Debunking Common Reading Myths

There are a lot of myths surrounding reading, and it’s time to bring the truth to the fore and settle these reading myths for good!


Myth #1: We read naturally – Reading is a learned behavior. It needs to be taught with deliberate intention and understanding in order for someone to attain the result of reading comprehension. It is a complex process with systematic learning used in conjunction with a fluent reader as teacher. Assigning meaning to reading is the most difficult learning of all. Leaving a child to read on their own with no assistance will not result in their ability to read or comprehend.


Myth #2: Once is enough – For fluent reading, repetition is required. When a child is learning to read they are bringing letters, sounds, and words together. They bring this together having been guided (taught) by a role model, usually a parent or teacher. They then associate words together, learn punctuation, and add tone for fluency.  The mentor helps them learn to assign meaning to the words and phrases, which needs to then be committed to memory. In early childhood development this process takes repeated effort.

Like most skills that become natural, practice makes perfect. As adults we can look back and think this is simple, forgetting how long it took us to learn as an infant.


Myth #3: Children understand if they can tell you something about the story – Engagement of any sort is a positive step forward. However, the question and answer technique can prove to be limiting. It is critical not to assume a child has full comprehension of a text because he or she can answer one or two questions. Opening a true dialogue for discussion is better than a Q&A technique to understand if they have reading comprehension.


Myth #4: Fluent reading = good comprehension – This is a definite myth. Too often a parent thinks their child has good reading comprehension when in fact what they have is the ability to read the words on the page. The hardest step of all is to assign meaning and extract information from text. Many children have learned to ‘get away with it’ because their reading sounds fabulous, if not advanced.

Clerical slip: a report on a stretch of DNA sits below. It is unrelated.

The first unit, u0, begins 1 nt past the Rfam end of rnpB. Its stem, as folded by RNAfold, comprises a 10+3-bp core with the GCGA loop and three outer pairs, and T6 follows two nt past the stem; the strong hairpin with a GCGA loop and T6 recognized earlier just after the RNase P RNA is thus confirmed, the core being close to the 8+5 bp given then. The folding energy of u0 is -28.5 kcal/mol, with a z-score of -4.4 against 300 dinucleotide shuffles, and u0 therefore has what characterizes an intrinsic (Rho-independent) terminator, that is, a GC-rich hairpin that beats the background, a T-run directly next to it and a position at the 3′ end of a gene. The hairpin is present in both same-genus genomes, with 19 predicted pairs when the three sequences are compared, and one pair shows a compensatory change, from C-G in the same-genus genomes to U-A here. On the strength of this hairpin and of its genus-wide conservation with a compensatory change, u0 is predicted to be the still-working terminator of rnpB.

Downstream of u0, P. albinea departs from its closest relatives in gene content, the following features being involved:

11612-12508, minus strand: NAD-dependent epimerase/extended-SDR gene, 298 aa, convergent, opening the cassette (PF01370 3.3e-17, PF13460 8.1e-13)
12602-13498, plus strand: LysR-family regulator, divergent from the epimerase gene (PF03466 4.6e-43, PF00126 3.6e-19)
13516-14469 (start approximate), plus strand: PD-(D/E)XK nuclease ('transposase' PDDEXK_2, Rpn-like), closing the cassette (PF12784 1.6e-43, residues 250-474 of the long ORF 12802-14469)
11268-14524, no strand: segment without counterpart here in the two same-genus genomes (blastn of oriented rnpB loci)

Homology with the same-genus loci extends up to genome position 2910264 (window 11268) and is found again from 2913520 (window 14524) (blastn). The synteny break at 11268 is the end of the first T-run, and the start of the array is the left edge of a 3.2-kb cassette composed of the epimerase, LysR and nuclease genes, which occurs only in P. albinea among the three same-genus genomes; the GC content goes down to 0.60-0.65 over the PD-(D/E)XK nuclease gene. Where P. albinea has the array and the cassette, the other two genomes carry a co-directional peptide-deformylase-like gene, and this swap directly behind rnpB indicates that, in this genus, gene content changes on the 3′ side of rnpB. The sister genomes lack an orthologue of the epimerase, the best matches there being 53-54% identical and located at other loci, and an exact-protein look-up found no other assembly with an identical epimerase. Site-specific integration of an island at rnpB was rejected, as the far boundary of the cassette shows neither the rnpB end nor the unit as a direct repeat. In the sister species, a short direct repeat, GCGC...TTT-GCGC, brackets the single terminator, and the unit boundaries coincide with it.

Myth #5: The words are too hard for my children – No they are not. The active child brain is a great problem solver. Exposing children to difficult words will add to their vocabulary in the longer term.


Myth #6: Word lists work – This old-school teaching method required that students find the definitions of a list of words and learn them. Each week a new list arrived.  However, out of context this method of learning provides limited to no value for a child. Learning and development methods today realise that words in context are required to provide association, and to move them into short and then long-term memory.


Myth #7: There is no fun in learning words – Gamification of learning is one of the best ways to help children – and adults – learn. Scrabble, Pictionary, crossword puzzles etc. all bring fun into the learning environment. The more fun a child is having, the more likely they are to remember the principles of the lesson.


Myth #8: My child is a late reader, but I don’t have to worry – Not true. Studies have found that of the children struggling with reading in Year 1, around 88% will still be struggling in Year 3. The consequential impact can be debilitating as they fall behind and poor reading performance starts to impact other areas of their life. Losing confidence or being shamed takes its toll. Early intervention is required to ensure a child has no medical reason for a learning development problem e.g. ear infection, deafness etc. Most difficulties in a child’s reading are directly linked to a lack of understanding of phonemes and phonics.


The first three years of school will be the most critical, and what has occurred at home prior to this will set the foundation for childhood reading comprehension. If a child has not had reading experience at home, good teaching in these first three years can slowly overcome the impact of this but it can be a difficult road for your child.

Breaking Down The Reading Process

visually and auditory

Students in the classroom take in information in two primary ways, visually and auditory. Listening to a teacher talk is auditory information, and reading is visual information. As information is received, students are required to process it. They need to hold on to the details, follow the sequence, get the main idea and exercise higher order or critical thinking skills (including drawing conclusions, making inferences and making predictions). Then, to convey that this processing is happening, they need to talk or write about it by answering questions or having a conversation. 

The information coming in auditory (listening to the teacher) is called receptive oral language. Information coming in visually (through reading) is called receptive written language. The information going out is either expressive oral language (communicating by speaking) or expressive written language (communicating by writing). This is the learning process that is expected of students all day long in the classroom. Students are assessed by how well they are able to take in information and how well they are able to express their understanding, either orally or in written form.